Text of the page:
∂xi ∂xi
∂uk ∂um
are the components of the Euclidian metric tensor in the coordinate system u1, u2 , u3.
2.3
Scalars, Vectors and Tensors
Scalars, vectors and tensors are mathematical entities that are used in applications to represent meaningful physical quantities. Consider two systems of coordinates ui and ui∗ which
are related by the coordinate transformation rules described above. Physical quantities of
interest can be represented in any of these two systems. A scalar is an entity consisting of a
single component and is represented in terms of ui by the single component (number) φ and
in terms of ui∗ by φ∗. If the two numbers are one and the same
φ(u1 , u2, u3) = φ∗(u1∗ , u2∗, u3∗)
A scalar is also considered a tensor of rank or order zero.
If an entity has instead three components in each of the coordinate systems is called a
contravariant vector or contravariant tensor of order one and individual components ξ i and
ξ i∗ in the two systems are related by
ξ i∗ (u1∗, u2∗, u3∗) = ξ i (u1 , u2, u3)
∂ui∗
∂ui
The use of the index as superscript distinguishes contravariant vectors.
Likewise, if an entity has three components in each of the coordinate systems is called a
covariant vector or covariant tensor of rank or order one and individual components ξi and
ξi∗ in the two systems are related by
ξi∗ (u1∗, u2∗, u3∗) = ξi (u1, u2 , u3)
∂ui
∂ui∗
The use of the index as subscript distinguishes contravariant vectors. Covariant and contravariant components are identical in rectangular Cartesian systems of coordinates but they
are not in curvilinear coordinates. By convention, only the subscript index notation is used
to describe vectors in rectangular Cartesian systems of coordinates.
Now, if an entity has nine components one has tensor of rank or order two. There are
also contravariant T ij and covariant Tij tensors which transform according to
T ij∗(u1∗, u2∗, u3∗) = T mn (u1, u2, u3 )
4
∂um ∂un
∂ui∗ ∂uj∗
and
Tij∗ (u1∗, u2∗, u3∗) = Tmn (u1, u2 , u3)
∂ui∗ ∂uj∗
∂um ∂un
respectively.
Mixed tensor fields of rank two Tji can also be defined as well as tensors of higher ranks.
Again, in rectangular Cartesian systems of coordinates, there is no distinction between
contravariant and covariant tensors. By convention only the subscript index notation is used
to describe tensors in rectangular Cartesian systems of coordinates.
The Kronecker delta defined before can be regarded as a component of a rank two tensor
which turns out to be the Euclidian metric tensor (g ij , gij , gji ), while the permutation symbol
can be regarded as a component of a rank three tensor called the permutation tensor or the
alternator ǫijk .
It should be noted that given a tensor, others can be generated from it by a process called
contraction which consists of equating and summing a covariant and a contravariant index
of a mixed tensor.
2.4
Algebraic Properties of Second Order Tensors
Recall that tensors, just as vectors can be added (each component of the resulting tensor
is the sum of the corresponding components in the original tensors). They can also be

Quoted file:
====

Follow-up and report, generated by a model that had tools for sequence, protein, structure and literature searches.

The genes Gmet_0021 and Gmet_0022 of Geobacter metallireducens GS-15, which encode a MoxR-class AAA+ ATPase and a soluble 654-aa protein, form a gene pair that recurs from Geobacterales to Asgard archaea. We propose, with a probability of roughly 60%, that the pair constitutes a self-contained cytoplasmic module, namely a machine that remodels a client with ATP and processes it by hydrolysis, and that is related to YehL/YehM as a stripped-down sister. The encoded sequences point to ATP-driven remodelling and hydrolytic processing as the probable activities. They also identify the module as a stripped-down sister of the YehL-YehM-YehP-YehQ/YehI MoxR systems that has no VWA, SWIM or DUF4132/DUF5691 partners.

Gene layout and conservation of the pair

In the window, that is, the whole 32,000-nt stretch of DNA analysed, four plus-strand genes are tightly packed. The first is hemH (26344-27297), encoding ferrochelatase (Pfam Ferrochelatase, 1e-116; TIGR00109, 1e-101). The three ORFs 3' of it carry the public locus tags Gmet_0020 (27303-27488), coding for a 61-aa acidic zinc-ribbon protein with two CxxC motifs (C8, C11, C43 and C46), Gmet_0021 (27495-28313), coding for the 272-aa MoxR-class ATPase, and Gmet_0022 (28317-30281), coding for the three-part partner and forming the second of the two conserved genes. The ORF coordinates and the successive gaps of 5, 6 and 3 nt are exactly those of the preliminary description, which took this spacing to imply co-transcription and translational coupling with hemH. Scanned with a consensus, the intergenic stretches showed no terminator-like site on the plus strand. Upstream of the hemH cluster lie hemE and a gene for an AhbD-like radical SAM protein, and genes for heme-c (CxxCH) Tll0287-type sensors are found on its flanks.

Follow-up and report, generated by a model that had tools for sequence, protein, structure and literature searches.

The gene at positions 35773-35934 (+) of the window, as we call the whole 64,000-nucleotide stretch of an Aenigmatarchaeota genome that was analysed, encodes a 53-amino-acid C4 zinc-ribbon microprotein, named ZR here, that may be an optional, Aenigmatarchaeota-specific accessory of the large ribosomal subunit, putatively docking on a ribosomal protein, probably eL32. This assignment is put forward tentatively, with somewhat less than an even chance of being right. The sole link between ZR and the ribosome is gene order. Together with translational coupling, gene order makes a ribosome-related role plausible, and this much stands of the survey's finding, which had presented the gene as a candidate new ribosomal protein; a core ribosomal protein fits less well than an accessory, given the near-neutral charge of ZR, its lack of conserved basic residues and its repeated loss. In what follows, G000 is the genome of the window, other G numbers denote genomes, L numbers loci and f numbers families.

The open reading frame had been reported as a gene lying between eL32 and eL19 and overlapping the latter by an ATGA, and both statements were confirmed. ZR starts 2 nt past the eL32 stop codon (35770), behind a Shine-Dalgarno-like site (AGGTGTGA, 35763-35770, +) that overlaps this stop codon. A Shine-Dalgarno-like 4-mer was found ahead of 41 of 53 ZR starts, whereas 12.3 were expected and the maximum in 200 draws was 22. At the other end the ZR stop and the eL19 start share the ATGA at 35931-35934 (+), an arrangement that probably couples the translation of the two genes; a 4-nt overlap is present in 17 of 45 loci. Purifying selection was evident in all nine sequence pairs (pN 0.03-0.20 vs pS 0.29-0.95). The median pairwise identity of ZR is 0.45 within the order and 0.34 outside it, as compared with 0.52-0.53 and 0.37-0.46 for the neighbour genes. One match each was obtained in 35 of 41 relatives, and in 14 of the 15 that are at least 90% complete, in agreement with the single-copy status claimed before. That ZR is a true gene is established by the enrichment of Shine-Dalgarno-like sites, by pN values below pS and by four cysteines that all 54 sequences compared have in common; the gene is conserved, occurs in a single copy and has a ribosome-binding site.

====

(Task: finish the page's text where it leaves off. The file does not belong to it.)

multiplied according to the rule
Ciklm = Aik Blm
Also, tensors are symmetric if Aij = Aji and antisymmetric if Aij = −Aji .
A vector Bi can be obtained from a tensor Tik and an arbitrary vector Ak by multiplication
as follows
Bi = Tik Ak
The new vector B has generally different magnitude and direction from A. Now, if Bi = λAi ,
where λ is a scalar, it is called the characteristic vector of Tik and the directions associated
with it are called the characteristic or principal directions of Tik . The axes determined by
the principal directions are called the principal axes of Tik . The problem of finding the
principal axes of a tensor is called the reduction of Tik to principal axes. The components of
A determining the principal axes of Tik satisfy the system of equations
Tik Ak − λAi = (Tik − λδik )Ak = 0
This system has a nontrivial solution only when the determinant
T11 − λ
T21
T31
T12
T22 − λ
T32
T13
T23
T33 − λ
= λ3 − λ2 I1 + λI2 − I3 = 0
5
where the quantities
I1 = T11 + T22 + T33 = Tii
T22
I2 =
T23
and
T32
T33
+
T11
T12
T11
I3 = T21
T31
T21
T22
T12
T22
T32
+
T13
T23
T33
are called the invariants of the tensor Tik .
The equation
T11
T13
T31
T33
λ3 − λ2 I1 + λI2 − I3 = (λ − λ1 )(λ − λ2 )(λ − λ3 ) = 0
is called the characteristic equation for the determination of the eigenvalues of a tensor.
2.5
Partial Derivatives in Cartesian Coordinates
In Cartesian coordinates, the partial derivatives of any tensor field are the components of another tensor field. Consider two Cartesian systems of coordinates (x1, x2, x3) and (x∗1, x∗2 , x∗3)
related by the rule
x∗i = aij xj + bi
where aij and bi are constants. Let ξ i∗ (x∗1, x∗2 , x∗3) be a contravariant tensor so that
ξ i∗ (x∗1, x∗2 , x∗3) = ξ i (x1 , x2, x3)
∂x∗i
∂xα
then one has the relationship
∂ξ i∗
∂ξ α ∂xβ ∂x∗i
=
∂x∗j
∂xβ ∂x∗j ∂xα
i.e. the partial derivatives of ξ transform as a rank two tensor in Cartesian coordinates. This
is not the case in curvilinear coordinate systems.
The comma notation is often used to denote partial derivatives. For instance the tensors
φ,i = ∂φ/∂xi, ξi,j = ∂ξi /∂xj and σij,k = ∂σij /∂xk are of rank one, two and three, respectively